• ·         Eyes are like blazing fire means God’s penetrating insight and strength. This is also about Christ as the persecutor of sin, His Sovereignty as Warrior, and His role as victor in the final battle to come. It also refers to the great victories in battles in the Old Testament, and points to the Transfiguration (Ex. 15:3; Duet. 32: 41-42; Judges 5:31; Is. 59:17-18; Zech. 14:3; Dan. 10:6; Matt. 13:43; 17:2; Rev. 1:14; 4:6; 19:11-21).  
  •         Many crowns normally means a great victory and a victor’s reward; here, it is a different word from most other passages (Rev. 2:10; 3:11; 4:4; 12:3; 14:14) in that it refers to “diadems,” Christ’s royal crowns one of the victor and one of royalty. Thus, Christ is the ultimate, Royal Victor in contrast to Satan’s pretentiousness (Rev. 12:3; 13:1).  
  • ·         He has a name written on him that no one knows but he himself. The true name of God is veiled from us, perhaps not so much as a secret but as His name is unknowable and not understandable to humanity. No one has authority of power over Him. Knowing a name of a god refers to ownership and control that no one has over our One True God. Just as knowing a person’s name means we have knowledge of and influence on them. In ancient cultures, it also meant gaining power over a person. It also refers to His protection over us (Mark 5:9; Rev. 2:17).

 ·         Robe dipped in blood/blood-stained. This is an image of a winepress that refers to God’s judgment and revenge of His faithful. Also, Jewish tradition from the “Talmud” and “Wisdom of Solomon 18,” states a warrior messiah will be stained with blood. It is also an image of the blood of Christ that was shed to atone for our sin, and/or an enemy’s blood spilled in war. The word for dipped in is the Greek “bapto” as in “baptized” (Gen. 49:10-11; Is. 63:1-3; Rev. 14:14-20).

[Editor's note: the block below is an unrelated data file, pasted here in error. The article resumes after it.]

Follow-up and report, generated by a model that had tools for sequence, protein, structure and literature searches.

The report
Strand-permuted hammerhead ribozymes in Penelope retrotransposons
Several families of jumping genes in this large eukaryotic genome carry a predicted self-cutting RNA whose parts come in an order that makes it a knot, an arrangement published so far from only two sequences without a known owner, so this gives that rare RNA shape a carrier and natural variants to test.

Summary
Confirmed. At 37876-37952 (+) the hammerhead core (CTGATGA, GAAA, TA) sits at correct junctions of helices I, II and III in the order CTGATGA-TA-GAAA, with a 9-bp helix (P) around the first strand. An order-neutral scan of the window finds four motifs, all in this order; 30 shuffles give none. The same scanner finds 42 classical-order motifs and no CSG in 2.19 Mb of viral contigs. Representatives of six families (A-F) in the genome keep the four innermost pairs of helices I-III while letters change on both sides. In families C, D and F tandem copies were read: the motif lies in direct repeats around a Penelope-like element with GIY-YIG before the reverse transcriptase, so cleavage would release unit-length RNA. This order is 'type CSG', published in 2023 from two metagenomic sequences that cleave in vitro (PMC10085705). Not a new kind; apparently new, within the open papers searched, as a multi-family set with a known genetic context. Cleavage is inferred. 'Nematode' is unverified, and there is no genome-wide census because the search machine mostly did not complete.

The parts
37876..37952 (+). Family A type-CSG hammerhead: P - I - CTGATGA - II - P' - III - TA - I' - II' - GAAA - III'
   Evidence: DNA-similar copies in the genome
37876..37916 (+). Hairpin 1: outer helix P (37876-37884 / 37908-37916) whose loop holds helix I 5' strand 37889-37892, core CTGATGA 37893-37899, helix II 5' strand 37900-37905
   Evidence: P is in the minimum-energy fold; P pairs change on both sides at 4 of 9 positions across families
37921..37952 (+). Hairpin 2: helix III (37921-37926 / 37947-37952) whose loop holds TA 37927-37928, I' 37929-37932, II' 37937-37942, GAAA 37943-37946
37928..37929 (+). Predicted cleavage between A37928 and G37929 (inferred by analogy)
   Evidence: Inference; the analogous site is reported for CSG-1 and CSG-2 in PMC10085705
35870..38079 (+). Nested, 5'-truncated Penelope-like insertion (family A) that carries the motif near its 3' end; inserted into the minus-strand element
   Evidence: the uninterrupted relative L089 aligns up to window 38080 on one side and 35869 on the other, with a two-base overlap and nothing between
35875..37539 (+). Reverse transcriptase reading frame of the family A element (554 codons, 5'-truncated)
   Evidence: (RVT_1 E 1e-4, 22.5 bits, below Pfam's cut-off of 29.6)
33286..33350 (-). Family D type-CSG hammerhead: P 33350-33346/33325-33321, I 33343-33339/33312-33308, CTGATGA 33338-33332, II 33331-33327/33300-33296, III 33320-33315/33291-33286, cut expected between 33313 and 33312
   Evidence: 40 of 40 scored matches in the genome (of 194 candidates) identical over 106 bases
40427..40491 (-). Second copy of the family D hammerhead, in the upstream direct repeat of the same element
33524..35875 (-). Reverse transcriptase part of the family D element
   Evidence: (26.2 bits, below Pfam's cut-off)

• ·         His name is the Word of God refers to His power, Lordship, and as Judge,  thus spiritual warfare is in view here using Spirit, Word, Truth, and prayer instead of conventional weapons (Is. 11:4; John 1:1; 12:48; Heb. 4:12-13).
  • ·         Armies of heaven/his armies may refer to Angelic beings and/or Believers fighting on God’s behalf in contrast to the imitation locust army in Rev. 9. The imagery here is those of the Parthian raiders, the most horrific image for this time. Although not necessarily a literal war plan of God, His plan will be disastrous to the unlawful, unfaithful, and those who are evil (This is where J.R. Tolkien got his ideas for the “Lord of the Rings” books and well as C.S. Lewis’ works of fiction.) (Deut 33:2; 2 Kings 2:11; 6:17; Psalm 68:17; Is. 11:4; 66:15; Jer. 4:13; Hab. 3:8; Rev. 17:14).
  • ·         Sharp sword…iron scepter .meant the long Roman sword or spear that was used to create fear and to conquer. The scepter was also a symbol of authority with power over life and death. Here, it is in conjunction with the Word of God as sharp, powerful, and penetrating, thus is referred to figuratively as a sword. It is also a symbol of judgment (Psalm 2:9; 57:4; Is. 34:5; 49:2; 66:15-16; Jer. 12:12; 47:6; Hos. 6:5; John 1:1; 1 John 1:1; Rev 1:16; 2:27 also: 4 Ezra 13).
  • ·         On his thigh referred to the horse’s thigh where the name of the warrior and/or kingdom was written or was branded similar to modern military designations (Ex. 28:36-38; Rev. 7:3; 13:16).